KJTL

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KJTL
KJTLFox.png
Wichita Falls, Texas/Lawton, Oklahoma
United States
CityWichita Falls, Texas
BrandingTexoma's Fox (general)
Texoma's Fox News (newscasts)
SloganTexoma's Only Primetime News
ChannelsDigital: 15 (UHF)
Virtual: 18 (PSIP)
Subchannels18.1 Fox
18.2 Grit
18.3 Bounce TV
18.4 Escape
TranslatorsK32IC-D 32 Altus, OK
K20JB-D 20 Hollis, OK
K33HG-D 33 Quanah, TX
K43HD-D 43 Quanah, TX
AffiliationsFox (primary; 1986–present)
Jewelry Television (secondary; 2002–present)
Grit (DT2)
Bounce TV (DT3)
Escape (DT4)
OwnerMission Broadcasting, Inc.
OperatorNexstar Media Group
(through JSA/SSA)
First air dateMay 14, 1985 (34 years ago) (1985-05-14)[1]
Call letters' meaningJanet T. Lee
(early majority shareholder in original KJTL parent Thornberry Television)
(not as supposed as a variable of Lubbock Fox affiliate KJTV-TV)
Sister station(s)KFDX-TV
KJBO-LP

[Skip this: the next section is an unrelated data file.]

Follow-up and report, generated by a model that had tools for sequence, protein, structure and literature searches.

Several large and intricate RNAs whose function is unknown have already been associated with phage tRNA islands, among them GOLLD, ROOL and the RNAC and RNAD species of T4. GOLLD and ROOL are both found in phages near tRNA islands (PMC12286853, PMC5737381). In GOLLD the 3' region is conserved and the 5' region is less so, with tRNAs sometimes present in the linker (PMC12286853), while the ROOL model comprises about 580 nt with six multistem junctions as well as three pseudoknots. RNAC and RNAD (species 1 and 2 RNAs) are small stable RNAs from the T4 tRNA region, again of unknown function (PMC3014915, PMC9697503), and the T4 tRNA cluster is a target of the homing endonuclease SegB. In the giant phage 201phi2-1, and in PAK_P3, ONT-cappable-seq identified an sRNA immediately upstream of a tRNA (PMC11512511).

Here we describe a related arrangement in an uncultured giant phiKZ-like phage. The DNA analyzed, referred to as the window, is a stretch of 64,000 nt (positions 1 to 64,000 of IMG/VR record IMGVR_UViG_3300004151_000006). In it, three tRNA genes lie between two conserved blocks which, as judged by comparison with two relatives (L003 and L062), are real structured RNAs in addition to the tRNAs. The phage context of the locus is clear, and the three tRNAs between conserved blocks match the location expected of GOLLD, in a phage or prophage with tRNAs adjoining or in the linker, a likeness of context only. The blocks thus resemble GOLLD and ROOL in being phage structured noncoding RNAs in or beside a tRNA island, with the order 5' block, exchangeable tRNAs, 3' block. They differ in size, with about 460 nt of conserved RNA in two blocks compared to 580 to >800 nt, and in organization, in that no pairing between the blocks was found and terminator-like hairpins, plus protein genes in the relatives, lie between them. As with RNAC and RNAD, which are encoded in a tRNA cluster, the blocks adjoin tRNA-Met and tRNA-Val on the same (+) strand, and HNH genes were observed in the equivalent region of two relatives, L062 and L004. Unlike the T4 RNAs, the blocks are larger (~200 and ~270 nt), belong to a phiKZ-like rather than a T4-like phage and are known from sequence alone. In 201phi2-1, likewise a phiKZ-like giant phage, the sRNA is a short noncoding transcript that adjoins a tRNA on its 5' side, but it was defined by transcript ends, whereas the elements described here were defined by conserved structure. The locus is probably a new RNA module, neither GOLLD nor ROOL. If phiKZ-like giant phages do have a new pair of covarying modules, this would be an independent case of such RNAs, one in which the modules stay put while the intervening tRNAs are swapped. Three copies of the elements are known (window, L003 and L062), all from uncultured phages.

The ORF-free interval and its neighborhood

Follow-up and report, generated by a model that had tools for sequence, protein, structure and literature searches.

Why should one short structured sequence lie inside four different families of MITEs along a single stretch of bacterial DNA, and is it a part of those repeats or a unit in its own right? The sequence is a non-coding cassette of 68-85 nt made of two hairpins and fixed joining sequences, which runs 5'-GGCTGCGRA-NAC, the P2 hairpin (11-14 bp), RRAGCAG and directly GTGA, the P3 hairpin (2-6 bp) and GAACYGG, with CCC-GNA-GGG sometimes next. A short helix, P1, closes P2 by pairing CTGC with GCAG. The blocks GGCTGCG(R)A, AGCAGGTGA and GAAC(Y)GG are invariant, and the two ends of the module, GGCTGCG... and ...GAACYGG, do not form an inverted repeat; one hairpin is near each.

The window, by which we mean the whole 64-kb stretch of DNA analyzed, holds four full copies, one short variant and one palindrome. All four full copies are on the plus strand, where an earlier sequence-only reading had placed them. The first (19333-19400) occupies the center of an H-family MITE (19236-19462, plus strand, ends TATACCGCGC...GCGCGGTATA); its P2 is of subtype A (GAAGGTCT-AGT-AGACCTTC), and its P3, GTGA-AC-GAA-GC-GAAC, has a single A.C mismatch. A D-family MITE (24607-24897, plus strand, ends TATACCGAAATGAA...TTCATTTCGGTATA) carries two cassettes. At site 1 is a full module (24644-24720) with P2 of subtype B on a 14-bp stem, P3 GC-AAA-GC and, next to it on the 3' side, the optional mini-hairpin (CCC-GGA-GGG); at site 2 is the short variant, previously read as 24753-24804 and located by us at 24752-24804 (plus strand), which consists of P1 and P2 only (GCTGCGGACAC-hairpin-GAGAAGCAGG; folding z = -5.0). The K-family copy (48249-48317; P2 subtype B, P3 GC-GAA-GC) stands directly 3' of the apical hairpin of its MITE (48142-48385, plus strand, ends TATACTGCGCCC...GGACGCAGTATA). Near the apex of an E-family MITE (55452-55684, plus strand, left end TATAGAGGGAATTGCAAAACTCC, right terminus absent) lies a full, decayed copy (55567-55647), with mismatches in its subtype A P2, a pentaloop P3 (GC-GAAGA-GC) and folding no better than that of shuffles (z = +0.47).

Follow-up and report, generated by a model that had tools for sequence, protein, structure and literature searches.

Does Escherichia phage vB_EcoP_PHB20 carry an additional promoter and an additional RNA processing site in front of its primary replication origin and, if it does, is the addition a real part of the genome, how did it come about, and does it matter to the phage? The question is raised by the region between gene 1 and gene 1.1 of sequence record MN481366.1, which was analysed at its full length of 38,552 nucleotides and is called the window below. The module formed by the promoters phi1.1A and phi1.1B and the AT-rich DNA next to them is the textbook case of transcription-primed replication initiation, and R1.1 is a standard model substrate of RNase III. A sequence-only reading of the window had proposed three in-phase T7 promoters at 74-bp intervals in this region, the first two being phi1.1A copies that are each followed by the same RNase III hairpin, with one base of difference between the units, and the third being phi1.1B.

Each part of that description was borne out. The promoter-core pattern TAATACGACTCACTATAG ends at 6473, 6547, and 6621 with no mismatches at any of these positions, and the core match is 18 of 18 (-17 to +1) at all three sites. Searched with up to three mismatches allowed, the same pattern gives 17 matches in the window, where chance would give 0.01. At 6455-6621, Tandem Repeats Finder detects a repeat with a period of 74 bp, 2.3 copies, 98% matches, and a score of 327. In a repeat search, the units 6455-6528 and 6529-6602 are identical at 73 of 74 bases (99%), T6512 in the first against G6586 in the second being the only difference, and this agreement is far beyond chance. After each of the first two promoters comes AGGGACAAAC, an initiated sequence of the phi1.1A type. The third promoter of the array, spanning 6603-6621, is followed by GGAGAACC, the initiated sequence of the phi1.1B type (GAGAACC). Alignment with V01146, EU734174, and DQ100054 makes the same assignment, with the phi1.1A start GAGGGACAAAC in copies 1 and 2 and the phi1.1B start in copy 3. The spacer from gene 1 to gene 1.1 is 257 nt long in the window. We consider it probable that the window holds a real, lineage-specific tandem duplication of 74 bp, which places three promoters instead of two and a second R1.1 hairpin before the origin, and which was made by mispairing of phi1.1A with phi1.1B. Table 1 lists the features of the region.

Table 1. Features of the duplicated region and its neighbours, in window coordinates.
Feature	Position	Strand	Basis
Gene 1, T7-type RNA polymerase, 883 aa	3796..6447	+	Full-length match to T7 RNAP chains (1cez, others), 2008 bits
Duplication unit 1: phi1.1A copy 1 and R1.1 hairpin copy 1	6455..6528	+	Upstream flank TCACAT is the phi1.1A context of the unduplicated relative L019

Former channel number(s)Analog:
18 (UHF, 1985–2009)
Former affiliationsIndependent (1985–1986)
Transmitter power1000 kW
Height263 m (863 ft)
Facility ID7675
Transmitter coordinates34°12′5″N 98°43′46″W / 34.20139°N 98.72944°W / 34.20139; -98.72944
Licensing authorityFCC
Public license informationProfile
CDBS
Websitewww.texomashomepage.com

KJTL, virtual channel 18 (UHF digital channel 15), is a Fox-affiliated television station licensed to Wichita Falls, Texas, United States and serving the western Texoma area encompassing Western North Texas and Southwestern Oklahoma. The station is owned by Mission Broadcasting, which also owns Wichita Falls-licensed low-powered MyNetworkTV affiliate KJBO-LP (channel 35); Nexstar Media Group, which owns Wichita Falls-licensed NBC affiliate KFDX-TV (channel 3, which simulcasts KJBO on its second digital subchannel), operates KJTL and KJBO under joint sales and shared services agreements. All three stations share studios near Seymour Highway (U.S. Route 277) and Turtle Creek Road in Wichita Falls; KJTL's transmitter is located near East 1940 and North 2380 Roads in rural southwestern Tillman County, Oklahoma (near Grandfield).